Rossignol Avenger 82 Ti (2011)

In a category of race-bred Type A carvers, the Avenger isn’t afraid to let its fun, playful side show, and testers universally loved it for that. Talk about balance of skills: The Avenger earned the top mark in only one criterion, but was so strong across the board that it earned the No. 1 ranking overall. That one criterion? Forgiveness. Sure, it’s a race-ready, wood-core construction with two sheets of metal and stout sidewalls, but it never forgets that skiing is supposed to be enjoyable. “Easy, smooth, creamy feel,” said Preston. “An all-around winner.”
Author:
Publish date:
Updated on
2011 Rossignol Avenger 85Ti

Rating: / 5
Price: $1000.00
Year: 2011
Level: 2
Gender: Male
Waist Width:
Tip/Tail/Waist: 126/82/112
Lengths: 177

Stability at speed: 3.68 / 5
Hard snow performance: 3.69 / 5
Crud performance: 3.23 / 5
Forgiveness: 3.65 / 5

Related

rossignol aven 82 Ti thumb

Rossignol Avenger 82 TI (2010)

Category: Men's Cruiser; Category ranking: No. 3 (tie); Average score: 3.31; Balance of skills: 3.37; Best for: All-terrain versatility, emphasis on groomers; Not for: Highly technical short-turn carving

Dynastar Legend Sultan 85

Dynastar Legend Sultan 85 (2011)

High marks across the board speak to the Sultan 85’s balance of skills. It’s an ideal intro-to-rocker ski for the traditionalist. A touch of early rise—starting about 18 cm back from the tip of the ski—gives it smoothness and flow in powder and crud. But bomber construction—vertical sidewalls, wood core, two sheets of metal—and traditional camber along the majority of its length give it the snap and rebound that some all-mountain experts still prefer. It’s solid and fluid, quiet on the snow but never lifeless. “A solid ski for solid skiers,” said Preston.

rossignol avenger carbon thumb

Rossignol Avenger 82 Carbon (2010)

Category: Men's Intermediate; Category ranking: No. 6; Average score: 3.14; Balance of skills: 3.09; Best for: Everyday versatility; an intro to powder; Not for: Learning to trust edges on hard snow

2011 Rosignol S86W Freeski

Rossignol S86W Freeski (2011)

Rossignol’s S86 ranked No. 1 in the Men’s Mixed Snow category (see p. 73). The women’s version is, thankfully, not watered down: Vertical sidewalls, two sheets of metal and a full wood core give it plenty of hard-snow integrity. Meanwhile, a rockered tip and tail ease through crud and bumps like water running downhill. (It scored No. 3 in Forgiveness.) Testers agreed that the S86W suited the category perfectly: a Jill of all trades that scored highly in every criterion, but didn’t stand out in any one. A very versatile ski for all levels. “Super fun and smooth,” said Gillet. “You could really take them anywhere.”

2011 Rossignol S7

Rossignol S7 (2011)

Think you’re not a very good powder skier? Don’t decide till you try the category-crushing S7. There’s nothing special about the construction: A sheet of Titanal gives it just enough power and dampness; 30-degree sidewalls take a beating. The secret’s in the shape. Traditional camber and sidecut underfoot provide a comfy home base. Tip and tail are rockered and reverse-sidecut. The tip is smeary, floaty, undemanding; the tail sinks readily when you need to dump speed. The S7—No. 1 in six criteria—forgives almost any mistake; and we tested the 195 cm. Ski as aggressively as you dare; it bails you out every time. “The ultimate powder tool,” said Preston.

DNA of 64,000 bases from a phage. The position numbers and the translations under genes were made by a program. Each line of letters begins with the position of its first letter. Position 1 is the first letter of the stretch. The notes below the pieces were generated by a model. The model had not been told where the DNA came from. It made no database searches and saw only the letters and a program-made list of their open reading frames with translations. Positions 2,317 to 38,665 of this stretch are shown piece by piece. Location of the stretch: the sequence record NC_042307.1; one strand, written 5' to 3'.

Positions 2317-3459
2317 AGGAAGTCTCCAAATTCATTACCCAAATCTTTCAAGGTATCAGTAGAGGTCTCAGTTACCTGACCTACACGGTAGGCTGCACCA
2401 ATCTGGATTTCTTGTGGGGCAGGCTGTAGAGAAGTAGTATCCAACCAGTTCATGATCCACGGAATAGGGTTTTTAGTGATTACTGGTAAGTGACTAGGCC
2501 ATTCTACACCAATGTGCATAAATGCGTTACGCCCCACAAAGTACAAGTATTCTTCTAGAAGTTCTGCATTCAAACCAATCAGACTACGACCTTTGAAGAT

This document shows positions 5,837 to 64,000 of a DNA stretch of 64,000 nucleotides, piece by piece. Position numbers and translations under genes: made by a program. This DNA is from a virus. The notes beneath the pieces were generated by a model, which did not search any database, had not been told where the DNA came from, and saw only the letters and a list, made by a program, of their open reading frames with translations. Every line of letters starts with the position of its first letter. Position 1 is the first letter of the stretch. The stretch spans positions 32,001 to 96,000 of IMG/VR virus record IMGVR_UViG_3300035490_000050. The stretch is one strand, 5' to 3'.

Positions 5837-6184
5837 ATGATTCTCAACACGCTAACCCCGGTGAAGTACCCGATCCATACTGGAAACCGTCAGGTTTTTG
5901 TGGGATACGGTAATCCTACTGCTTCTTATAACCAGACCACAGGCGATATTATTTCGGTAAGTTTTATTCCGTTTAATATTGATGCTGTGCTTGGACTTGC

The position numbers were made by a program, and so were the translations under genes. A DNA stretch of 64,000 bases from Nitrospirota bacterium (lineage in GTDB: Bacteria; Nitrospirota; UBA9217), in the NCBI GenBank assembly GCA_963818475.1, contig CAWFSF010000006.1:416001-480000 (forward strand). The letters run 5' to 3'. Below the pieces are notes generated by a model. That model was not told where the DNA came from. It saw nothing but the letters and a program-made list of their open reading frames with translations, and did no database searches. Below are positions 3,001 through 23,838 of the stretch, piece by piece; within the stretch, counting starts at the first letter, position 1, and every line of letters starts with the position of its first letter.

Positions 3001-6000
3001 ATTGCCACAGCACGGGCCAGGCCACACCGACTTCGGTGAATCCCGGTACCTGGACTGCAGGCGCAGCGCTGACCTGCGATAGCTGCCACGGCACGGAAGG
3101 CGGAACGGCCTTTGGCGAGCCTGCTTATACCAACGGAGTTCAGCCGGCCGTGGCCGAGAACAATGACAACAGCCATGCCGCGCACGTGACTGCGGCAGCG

Rosignol S86

Rossignol S86 Freeride (2011)

Rossignol had a great test this year, and here’s the poster child of the Rooster’s fully fledged return to relevance. The S86 is an accomplished generalist. Sidecut and traditional camber underfoot combined with a wood-core, metal-reinforced construction make it surefooted on hard snow. But rocker and reverse camber tip-and-tail make it fun and easy in powder, crud, even bumps. It pivots, skids, smears, carves—whatever is asked of it—making it a great choice for anything but the deepest powder or hardest ice. “Hungry for fun in all conditions, especially crud and bumps,” said Scholey.

Rosignol S86

Rossignol S86 Freeride (2011)

Rossignol had a great test this year, and here’s the poster child of the Rooster’s fully fledged return to relevance. The S86 is an accomplished generalist. Sidecut and traditional camber underfoot combined with a wood-core, metal-reinforced construction make it surefooted on hard snow. But rocker and reverse camber tip-and-tail make it fun and easy in powder, crud, even bumps. It pivots, skids, smears, carves—whatever is asked of it—making it a great choice for anything but the deepest powder or hardest ice. “Hungry for fun in all conditions, especially crud and bumps,” said Scholey.

Volkl Kendo

Volkl Kendo (2011)

The Kendo, frankly, sparked disagreement. It’s a narrower version of the highly decorated Mantra (see No. 13). Kendo means “way of the knife,” and with a sturdy, race-ready construction and two sheets of metal, that’s an apt image for its performance on groomed. Its lightness surprised us, and there was consensus regarding its Quickness (No. 2). But some testers saw it as a burly carver most at home on hardpack; others enjoyed it more in bumps and crud. One of our pickiest testers was its biggest proponent. “Rips the heck out of the hill in every facet: pow, crud, bumps, carving,” said Elling.